If you’re getting your LPN or LVN cert, congratulations! You’ve made it to the final few weeks before starting your clinical rotations. The next few months will be challenging but worth it. You will learn a ton of practical nursing skills that you can put into practice right away. But there’s more to becoming a Nurse Practitioner (LPN) or Licensed Vocational Nurse (LVN) than just showing up at the nursing stations and pretending to take care of patients. Before you enroll in any nursing program, make sure that it offers an accredited practical experience requirement for both LPNs and LVNs. Both nurse practitioner (LPN) and licensed vocational nurse (LVN) programs generally meet this requirement, so check out each school’s website to see if they offer an official practicum that qualifies as an accredited program. The link for all CNA schools is included in the resources section at the end of this post.
What is a Practical Experience?
A practical experience is training that directly teaches you the skills you need to practice as a nurse. Typically, this is216-hour courses that give you hands-on experience working in a hospital setting. These are often taught as elective courses, meaning they are not required by the school’s nursing program. Some schools offer a combination of regulated and elective hours, while others only offer a single elective-heavy track. Some schools offer a month-long paid internship or a week-long paid clinics (where you work under the direction of a licensed nurse) where you can get hands-on experience in the real world.
What are the LPN and LVN WorkLife Skills?
As the name suggests, the LPN and LVN work life skills are the same. You’ll learn a lot about yourself in this program, both medically and as a nurse practitioner. You’ll gain an understanding of your personal strengths and weaknesses, as well as develop effective communication and collaboration skills with patients of all ages. You’ll practice skills like self-management, time management, as well as goal setting and Achievements-oriented Learning, which are important for career success.
Find a School That Offers an Accredited Practicum for Practical Nurses
Most nursing programs offer a practical experience requirement. This is a broad term that refers to the training a practical experience works. In other words, if a school offers a practical experience requirement, it means that the clinical training you’ll complete is equivalent to the hours you spend in the clinical setting. Typically, a practical experience can be fulfilled through a number of different settings, including: Hospitals Kinship or community-based care Clinics Long-term care facilities Rehabilitation facilities Some schools also offer an experiential requirement—that is, you have to spend time in the field, which can be done as part of a practical experience or on your own.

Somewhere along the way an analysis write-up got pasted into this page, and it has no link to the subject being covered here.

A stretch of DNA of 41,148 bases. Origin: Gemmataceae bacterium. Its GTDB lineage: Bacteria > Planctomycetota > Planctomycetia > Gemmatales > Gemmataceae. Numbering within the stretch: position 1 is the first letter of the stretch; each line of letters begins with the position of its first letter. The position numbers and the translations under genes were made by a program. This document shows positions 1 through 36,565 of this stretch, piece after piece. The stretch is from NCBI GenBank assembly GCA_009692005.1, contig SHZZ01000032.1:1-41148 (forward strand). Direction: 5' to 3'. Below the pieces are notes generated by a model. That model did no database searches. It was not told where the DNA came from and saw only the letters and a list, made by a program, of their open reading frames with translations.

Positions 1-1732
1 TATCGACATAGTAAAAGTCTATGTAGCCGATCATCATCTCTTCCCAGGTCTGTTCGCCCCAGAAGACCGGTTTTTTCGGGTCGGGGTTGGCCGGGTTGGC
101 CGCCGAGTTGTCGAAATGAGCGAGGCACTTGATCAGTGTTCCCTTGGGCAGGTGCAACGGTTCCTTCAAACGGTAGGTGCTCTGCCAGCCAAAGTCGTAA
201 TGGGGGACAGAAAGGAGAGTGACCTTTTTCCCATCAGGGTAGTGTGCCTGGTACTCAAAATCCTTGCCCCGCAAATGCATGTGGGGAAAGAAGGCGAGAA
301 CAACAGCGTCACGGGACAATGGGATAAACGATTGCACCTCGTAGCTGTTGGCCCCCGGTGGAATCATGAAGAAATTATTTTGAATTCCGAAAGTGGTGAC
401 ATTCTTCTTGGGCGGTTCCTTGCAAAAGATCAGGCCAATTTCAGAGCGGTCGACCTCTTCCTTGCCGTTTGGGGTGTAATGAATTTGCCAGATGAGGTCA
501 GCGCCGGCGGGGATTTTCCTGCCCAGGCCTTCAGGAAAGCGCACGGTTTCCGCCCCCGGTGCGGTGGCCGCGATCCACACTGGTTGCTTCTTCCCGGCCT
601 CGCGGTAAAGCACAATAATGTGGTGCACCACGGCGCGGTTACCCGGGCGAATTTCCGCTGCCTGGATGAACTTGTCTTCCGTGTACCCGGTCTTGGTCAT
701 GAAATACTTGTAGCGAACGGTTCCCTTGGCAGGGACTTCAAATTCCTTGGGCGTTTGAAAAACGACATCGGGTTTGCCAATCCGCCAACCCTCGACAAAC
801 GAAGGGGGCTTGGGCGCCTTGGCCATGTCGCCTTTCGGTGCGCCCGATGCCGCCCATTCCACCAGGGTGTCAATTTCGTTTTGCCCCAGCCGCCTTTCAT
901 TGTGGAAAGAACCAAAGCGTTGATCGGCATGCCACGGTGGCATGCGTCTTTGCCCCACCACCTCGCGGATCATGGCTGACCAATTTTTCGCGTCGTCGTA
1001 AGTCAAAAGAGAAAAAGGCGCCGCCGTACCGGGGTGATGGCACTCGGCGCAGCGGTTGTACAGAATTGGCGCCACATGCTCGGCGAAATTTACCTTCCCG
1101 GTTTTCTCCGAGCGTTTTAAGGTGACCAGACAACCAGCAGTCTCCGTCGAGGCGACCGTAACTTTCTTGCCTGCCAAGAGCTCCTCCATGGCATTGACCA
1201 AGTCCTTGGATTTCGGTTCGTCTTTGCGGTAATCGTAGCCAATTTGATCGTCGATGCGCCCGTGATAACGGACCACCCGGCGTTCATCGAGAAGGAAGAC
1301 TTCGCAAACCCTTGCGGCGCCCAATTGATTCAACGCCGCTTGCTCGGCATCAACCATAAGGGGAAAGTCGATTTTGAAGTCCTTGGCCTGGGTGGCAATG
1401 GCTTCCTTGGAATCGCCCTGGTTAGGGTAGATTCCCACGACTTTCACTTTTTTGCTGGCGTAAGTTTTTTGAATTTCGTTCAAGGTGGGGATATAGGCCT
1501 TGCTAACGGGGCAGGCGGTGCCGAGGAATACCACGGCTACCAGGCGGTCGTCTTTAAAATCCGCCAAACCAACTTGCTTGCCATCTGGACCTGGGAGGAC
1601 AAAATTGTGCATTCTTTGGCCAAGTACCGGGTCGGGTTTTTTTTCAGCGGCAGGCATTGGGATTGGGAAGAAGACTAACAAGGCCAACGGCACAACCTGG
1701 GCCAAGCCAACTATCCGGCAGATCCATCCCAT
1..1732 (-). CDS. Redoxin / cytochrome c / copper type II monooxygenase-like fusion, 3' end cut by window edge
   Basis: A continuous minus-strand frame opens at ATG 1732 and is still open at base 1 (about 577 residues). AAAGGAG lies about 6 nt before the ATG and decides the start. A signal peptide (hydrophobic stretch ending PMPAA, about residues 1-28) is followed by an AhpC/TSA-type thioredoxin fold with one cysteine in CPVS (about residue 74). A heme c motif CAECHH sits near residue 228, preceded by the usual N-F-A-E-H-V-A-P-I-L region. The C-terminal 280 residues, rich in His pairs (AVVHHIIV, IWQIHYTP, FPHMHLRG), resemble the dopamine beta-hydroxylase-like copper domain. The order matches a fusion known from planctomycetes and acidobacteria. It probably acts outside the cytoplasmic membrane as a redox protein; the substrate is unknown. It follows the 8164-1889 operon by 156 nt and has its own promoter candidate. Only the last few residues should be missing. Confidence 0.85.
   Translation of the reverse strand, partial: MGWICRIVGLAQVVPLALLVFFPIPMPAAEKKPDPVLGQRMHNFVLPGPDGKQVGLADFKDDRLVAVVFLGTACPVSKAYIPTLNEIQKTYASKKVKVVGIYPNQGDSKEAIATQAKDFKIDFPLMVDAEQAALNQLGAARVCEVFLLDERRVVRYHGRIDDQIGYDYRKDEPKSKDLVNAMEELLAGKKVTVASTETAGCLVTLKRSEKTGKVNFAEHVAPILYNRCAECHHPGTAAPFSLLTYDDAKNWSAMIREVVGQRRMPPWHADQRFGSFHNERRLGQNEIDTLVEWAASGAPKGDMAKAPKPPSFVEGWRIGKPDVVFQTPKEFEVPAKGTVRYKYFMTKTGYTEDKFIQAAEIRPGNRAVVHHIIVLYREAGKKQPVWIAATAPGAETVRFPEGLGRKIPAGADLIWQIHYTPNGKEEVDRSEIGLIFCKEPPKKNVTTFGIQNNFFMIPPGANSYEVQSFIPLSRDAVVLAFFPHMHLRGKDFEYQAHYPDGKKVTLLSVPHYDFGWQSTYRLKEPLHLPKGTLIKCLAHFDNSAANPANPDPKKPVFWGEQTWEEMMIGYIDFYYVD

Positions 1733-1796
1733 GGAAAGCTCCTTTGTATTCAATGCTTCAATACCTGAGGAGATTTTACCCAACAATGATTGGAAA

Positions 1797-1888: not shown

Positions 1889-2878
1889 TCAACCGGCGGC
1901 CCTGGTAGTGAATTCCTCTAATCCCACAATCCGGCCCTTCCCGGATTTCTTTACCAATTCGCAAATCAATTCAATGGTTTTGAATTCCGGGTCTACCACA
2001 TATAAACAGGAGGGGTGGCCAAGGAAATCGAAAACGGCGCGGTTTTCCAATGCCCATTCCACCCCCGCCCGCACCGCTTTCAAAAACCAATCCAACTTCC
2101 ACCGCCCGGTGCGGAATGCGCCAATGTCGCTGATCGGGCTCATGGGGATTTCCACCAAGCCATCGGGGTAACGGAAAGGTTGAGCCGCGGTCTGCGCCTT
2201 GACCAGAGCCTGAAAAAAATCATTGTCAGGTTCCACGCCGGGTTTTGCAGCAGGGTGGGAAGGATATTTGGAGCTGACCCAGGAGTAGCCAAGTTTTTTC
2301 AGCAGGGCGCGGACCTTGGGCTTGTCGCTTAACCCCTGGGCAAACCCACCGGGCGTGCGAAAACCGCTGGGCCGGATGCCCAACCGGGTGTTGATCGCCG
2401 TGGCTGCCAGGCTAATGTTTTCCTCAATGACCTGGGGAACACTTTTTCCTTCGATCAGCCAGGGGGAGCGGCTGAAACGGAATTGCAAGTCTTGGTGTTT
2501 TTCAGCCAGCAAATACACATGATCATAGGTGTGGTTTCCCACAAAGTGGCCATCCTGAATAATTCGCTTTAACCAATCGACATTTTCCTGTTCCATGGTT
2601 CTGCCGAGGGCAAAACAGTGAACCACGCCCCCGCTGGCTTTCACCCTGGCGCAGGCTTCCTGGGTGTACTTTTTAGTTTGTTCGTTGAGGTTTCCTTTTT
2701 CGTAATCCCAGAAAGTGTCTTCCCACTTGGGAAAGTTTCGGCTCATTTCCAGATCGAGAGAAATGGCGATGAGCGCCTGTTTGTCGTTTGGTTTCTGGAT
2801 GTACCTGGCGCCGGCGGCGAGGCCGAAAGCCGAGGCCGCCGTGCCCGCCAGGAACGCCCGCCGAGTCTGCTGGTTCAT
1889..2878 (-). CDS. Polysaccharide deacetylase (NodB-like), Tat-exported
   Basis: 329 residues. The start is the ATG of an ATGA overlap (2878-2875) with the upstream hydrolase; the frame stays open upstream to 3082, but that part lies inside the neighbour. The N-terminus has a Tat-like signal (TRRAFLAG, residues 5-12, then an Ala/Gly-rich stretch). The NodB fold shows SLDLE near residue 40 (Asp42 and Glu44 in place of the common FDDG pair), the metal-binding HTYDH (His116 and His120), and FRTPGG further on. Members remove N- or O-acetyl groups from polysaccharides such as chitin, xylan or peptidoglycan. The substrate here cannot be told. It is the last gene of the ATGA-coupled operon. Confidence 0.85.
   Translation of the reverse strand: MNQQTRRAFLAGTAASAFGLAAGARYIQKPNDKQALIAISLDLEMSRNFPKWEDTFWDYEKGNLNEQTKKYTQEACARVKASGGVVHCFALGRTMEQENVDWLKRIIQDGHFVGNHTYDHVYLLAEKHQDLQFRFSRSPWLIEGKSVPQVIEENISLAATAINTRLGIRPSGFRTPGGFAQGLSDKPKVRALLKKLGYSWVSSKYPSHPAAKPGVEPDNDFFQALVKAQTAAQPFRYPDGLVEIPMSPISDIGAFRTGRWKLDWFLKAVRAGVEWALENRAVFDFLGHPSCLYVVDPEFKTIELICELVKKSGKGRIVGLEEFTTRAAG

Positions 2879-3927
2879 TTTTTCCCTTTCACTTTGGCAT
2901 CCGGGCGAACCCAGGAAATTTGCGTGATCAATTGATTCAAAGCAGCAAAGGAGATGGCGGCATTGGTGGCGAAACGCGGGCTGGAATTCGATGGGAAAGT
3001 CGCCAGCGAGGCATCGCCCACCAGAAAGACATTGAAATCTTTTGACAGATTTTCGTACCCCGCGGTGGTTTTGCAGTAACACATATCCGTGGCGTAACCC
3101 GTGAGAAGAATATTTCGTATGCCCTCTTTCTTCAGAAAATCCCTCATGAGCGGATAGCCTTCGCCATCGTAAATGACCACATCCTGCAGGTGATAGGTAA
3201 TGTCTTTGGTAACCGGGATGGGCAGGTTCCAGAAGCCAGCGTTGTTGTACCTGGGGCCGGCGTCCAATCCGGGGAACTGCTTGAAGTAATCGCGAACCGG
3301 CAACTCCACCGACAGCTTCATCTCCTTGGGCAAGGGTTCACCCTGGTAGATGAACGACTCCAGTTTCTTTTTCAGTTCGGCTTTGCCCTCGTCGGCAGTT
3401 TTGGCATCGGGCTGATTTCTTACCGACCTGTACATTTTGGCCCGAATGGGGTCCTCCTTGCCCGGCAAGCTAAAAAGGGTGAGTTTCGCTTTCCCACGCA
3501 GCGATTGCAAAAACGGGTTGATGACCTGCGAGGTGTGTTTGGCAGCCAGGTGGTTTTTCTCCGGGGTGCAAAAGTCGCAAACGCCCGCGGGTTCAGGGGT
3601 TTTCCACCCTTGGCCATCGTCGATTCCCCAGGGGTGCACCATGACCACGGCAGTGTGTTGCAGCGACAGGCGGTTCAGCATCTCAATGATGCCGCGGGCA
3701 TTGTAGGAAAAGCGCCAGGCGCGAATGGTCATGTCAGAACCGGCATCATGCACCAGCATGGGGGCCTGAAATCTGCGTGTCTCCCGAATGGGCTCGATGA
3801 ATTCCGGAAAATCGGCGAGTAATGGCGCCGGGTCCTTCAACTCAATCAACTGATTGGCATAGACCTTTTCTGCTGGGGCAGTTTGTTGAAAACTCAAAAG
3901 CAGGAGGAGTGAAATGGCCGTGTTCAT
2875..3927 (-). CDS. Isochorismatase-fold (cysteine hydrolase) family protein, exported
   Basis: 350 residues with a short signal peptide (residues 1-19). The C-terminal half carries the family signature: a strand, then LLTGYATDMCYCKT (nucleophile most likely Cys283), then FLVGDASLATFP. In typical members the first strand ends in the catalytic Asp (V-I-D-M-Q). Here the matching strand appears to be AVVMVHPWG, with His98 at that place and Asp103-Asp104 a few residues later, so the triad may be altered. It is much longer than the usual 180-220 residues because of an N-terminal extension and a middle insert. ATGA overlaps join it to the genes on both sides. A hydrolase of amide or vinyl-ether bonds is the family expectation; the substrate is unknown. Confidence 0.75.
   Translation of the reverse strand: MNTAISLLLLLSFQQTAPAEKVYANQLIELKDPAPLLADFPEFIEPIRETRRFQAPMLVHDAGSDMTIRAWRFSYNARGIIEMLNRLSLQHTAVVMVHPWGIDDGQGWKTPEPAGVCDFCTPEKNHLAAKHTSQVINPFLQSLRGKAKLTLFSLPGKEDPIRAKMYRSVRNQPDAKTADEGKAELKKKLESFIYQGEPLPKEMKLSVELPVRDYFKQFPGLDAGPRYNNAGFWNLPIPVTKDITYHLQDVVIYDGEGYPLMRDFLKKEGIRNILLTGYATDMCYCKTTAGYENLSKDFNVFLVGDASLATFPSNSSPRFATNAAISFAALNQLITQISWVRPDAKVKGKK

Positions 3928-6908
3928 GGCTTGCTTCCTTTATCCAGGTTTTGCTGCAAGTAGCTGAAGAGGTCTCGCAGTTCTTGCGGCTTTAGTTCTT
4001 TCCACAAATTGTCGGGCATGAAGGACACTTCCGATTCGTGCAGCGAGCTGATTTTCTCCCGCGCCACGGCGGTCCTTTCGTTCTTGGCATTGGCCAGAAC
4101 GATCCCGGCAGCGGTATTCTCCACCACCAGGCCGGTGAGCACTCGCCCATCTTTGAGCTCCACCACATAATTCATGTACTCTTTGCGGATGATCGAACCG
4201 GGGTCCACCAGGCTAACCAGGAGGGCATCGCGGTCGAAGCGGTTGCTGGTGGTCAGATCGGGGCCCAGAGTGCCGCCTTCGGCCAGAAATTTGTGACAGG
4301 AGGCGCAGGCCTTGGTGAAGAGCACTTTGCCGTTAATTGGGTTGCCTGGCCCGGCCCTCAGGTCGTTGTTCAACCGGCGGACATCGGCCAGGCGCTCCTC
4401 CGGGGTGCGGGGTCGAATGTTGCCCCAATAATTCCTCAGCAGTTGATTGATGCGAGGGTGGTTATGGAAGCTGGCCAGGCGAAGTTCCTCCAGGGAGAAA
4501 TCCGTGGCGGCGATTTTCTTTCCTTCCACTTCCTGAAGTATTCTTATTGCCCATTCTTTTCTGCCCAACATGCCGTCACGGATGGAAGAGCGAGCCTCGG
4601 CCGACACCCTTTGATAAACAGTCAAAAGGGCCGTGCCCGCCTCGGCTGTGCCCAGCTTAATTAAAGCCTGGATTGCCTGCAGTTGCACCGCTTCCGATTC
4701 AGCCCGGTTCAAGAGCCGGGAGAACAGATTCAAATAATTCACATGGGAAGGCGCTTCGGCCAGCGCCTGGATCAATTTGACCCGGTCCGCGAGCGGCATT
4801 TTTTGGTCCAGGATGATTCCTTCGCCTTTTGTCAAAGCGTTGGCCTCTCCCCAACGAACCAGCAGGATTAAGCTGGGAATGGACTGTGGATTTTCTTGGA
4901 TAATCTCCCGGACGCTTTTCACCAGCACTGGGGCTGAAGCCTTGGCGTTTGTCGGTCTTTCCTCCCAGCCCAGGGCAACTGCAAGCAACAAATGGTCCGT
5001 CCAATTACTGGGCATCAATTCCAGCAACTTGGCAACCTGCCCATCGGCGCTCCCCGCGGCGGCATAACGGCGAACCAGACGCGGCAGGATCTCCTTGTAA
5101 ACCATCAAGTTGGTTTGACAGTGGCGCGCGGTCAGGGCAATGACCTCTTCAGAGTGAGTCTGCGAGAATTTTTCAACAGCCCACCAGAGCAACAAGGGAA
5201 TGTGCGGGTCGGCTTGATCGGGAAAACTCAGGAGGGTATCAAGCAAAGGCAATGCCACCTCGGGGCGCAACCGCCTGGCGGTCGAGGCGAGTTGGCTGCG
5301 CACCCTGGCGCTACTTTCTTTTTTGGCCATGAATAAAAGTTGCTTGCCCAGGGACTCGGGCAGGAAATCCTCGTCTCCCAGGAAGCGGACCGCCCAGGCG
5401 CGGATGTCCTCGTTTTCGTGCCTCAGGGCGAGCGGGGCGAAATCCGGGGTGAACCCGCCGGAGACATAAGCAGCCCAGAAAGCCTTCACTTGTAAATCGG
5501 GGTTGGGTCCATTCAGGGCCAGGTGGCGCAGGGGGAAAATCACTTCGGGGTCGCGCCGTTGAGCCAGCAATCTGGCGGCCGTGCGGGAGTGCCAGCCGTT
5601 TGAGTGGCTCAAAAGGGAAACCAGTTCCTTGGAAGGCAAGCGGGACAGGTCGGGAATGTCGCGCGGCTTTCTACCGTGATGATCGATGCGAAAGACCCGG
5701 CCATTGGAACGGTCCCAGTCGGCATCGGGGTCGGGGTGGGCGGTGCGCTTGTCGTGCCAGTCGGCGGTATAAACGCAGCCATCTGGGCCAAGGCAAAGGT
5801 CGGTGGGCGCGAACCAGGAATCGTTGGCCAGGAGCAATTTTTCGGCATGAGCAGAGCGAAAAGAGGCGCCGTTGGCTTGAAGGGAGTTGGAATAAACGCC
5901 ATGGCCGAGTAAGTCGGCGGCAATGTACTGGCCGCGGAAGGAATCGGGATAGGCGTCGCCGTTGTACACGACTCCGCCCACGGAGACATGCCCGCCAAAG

Become a Registered Nurse (RN) before you Start Your Nursing Program
Before you sign up for a nursing program, you’ll need to become a Registered Nurse (RN). To earn your RN license, you’ll typically have to pass a state-issued standardized test, complete 80 hours of post-secondary education, and complete a supervised practical experience. You can usually start your training after you’ve completed your undergraduate degree, so you won’t be fully qualified to work as a nurse until after you’ve completed some level of education.
Make Sure You’re Studying the Right Things for Your Career
Like most careers, becoming a Registered Nurse (RN) is about more than just putting in the hours. You must also keep up with the latest nursing research, study current issues in nursing, and learn how to apply your new knowledge in the real world. That’s why it’s important to make sure you’re studying the right thing for your career. Traditionally, the American Association of Colleges of Nursing (AACN) has designated which nursing programs provide an accredited practical experience. You can find this designation on theschool’s website, along with other important information about the program. This may help you decide if you’re ready to plunge into the world of practical nursing.
Becoming a Registered Nurse (RN) is a demanding profession. To fully succeed in this career, it’s crucial that you’re prepared both mentally and physically. To get ready for the challenges that lie ahead, it’s helpful to understand the benefits of an accredited practical experience.